Labaki’s film rights
sold in 60 countries
Initial cost of Capharnaüm already covered
Nadine Labaki’s film ‘Capharnaüm’, which earned the Jury Prize at the 71st edition of Cannes Film Festival, has achieved huge commercial success.
The film was produced by Mooz Films, a recent company established by Khaled Mouzanar. He said that another company named Capharnaüm Films bought the rights from Mooz films for worldwide distribution. This company is owned by a group of investors that includes Akram Safa and Cedrus Bank, among others.
The film’s budget was $4 million. “The high cost of the film was due to the long shooting duration, which took six months,” Mouzanar said. “The film was in post-production for a year and a half.” Around 1,000 people participated in the production, with 100 acting in the film.
The company that bought the rights to the film took a $3 million loan subsidized by the Central Bank, Mouzanar said. Cedrus Bank created an investment fund that it used to guarantee the loan. Doha Foundation provided a grant to start the film. “It wasn’t difficult to convince investors because Labaki’s films already have a good reputation at the box office,” Mouzanar said. Labaki’s previous film, ‘Caramel’, sold $13 million at the box office.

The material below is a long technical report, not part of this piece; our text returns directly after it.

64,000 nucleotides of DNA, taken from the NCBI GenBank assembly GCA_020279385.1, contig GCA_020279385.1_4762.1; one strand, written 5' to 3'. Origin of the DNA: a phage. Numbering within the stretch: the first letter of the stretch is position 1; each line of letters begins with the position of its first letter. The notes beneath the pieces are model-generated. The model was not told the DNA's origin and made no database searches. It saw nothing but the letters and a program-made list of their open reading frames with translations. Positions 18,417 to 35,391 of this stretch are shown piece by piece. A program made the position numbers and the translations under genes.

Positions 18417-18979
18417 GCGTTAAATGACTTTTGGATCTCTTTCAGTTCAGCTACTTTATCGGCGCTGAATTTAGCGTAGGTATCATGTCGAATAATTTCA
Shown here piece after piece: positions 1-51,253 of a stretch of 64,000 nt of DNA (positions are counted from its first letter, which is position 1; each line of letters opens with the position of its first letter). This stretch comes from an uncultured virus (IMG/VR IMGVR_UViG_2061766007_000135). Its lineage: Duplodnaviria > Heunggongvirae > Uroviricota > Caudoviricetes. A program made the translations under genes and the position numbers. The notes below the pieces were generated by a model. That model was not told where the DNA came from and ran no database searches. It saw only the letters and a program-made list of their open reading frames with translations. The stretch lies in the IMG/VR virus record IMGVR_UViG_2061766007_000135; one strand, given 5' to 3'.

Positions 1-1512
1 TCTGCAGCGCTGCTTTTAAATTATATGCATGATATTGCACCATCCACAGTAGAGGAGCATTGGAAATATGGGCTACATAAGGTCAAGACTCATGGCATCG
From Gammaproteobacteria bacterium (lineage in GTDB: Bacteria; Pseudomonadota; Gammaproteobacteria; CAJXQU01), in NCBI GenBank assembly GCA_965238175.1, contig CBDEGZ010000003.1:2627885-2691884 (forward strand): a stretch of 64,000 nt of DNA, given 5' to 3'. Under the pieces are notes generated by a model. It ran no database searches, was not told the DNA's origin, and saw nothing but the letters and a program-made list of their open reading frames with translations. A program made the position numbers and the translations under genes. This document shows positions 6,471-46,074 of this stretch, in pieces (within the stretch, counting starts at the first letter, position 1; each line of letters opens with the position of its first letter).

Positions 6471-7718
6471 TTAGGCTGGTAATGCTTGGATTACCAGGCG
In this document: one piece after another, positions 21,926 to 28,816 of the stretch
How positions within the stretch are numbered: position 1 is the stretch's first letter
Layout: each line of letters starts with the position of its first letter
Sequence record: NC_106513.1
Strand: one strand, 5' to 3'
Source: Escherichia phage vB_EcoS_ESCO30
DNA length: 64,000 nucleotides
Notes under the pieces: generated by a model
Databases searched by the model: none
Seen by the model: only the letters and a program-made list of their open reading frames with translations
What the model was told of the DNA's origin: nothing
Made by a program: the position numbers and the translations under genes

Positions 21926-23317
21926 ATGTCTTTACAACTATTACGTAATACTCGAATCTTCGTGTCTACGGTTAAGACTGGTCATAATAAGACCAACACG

Wild Bunch, a European film distribution company, will distribute Capharnaüm in 60 countries including Japan, China, Portugal, and Taiwan, Mouzanar said.
Sony Pictures Classics acquired North American and Latin American rights to Capharnaüm for $1 million as well as a share of the box office sales. Gaumont, a French film distributor, acquired French rights.
Mouzanar said that Capharnaüm Films will distribute the film locally. Saleh Kamel's Arab network ART bought the rights for television before shooting of the film began.
“The film covered the cost with the minimum guarantee paid by distributor companies so far,” Mouzanar said. Any additional profits will be disbursed among the distributors, producers, and investors. He said that this successful case study will encourage investors to invest in the local film industry.
Labaki’s Capharnaüm tells the tale of Zain, a 12-year-old boy born into poverty without a birth certificate in the country, who is suing his parents for having brought him into the world. It will be displayed in the local cinemas in September, and then worldwide.
Date Posted: May 29, 2018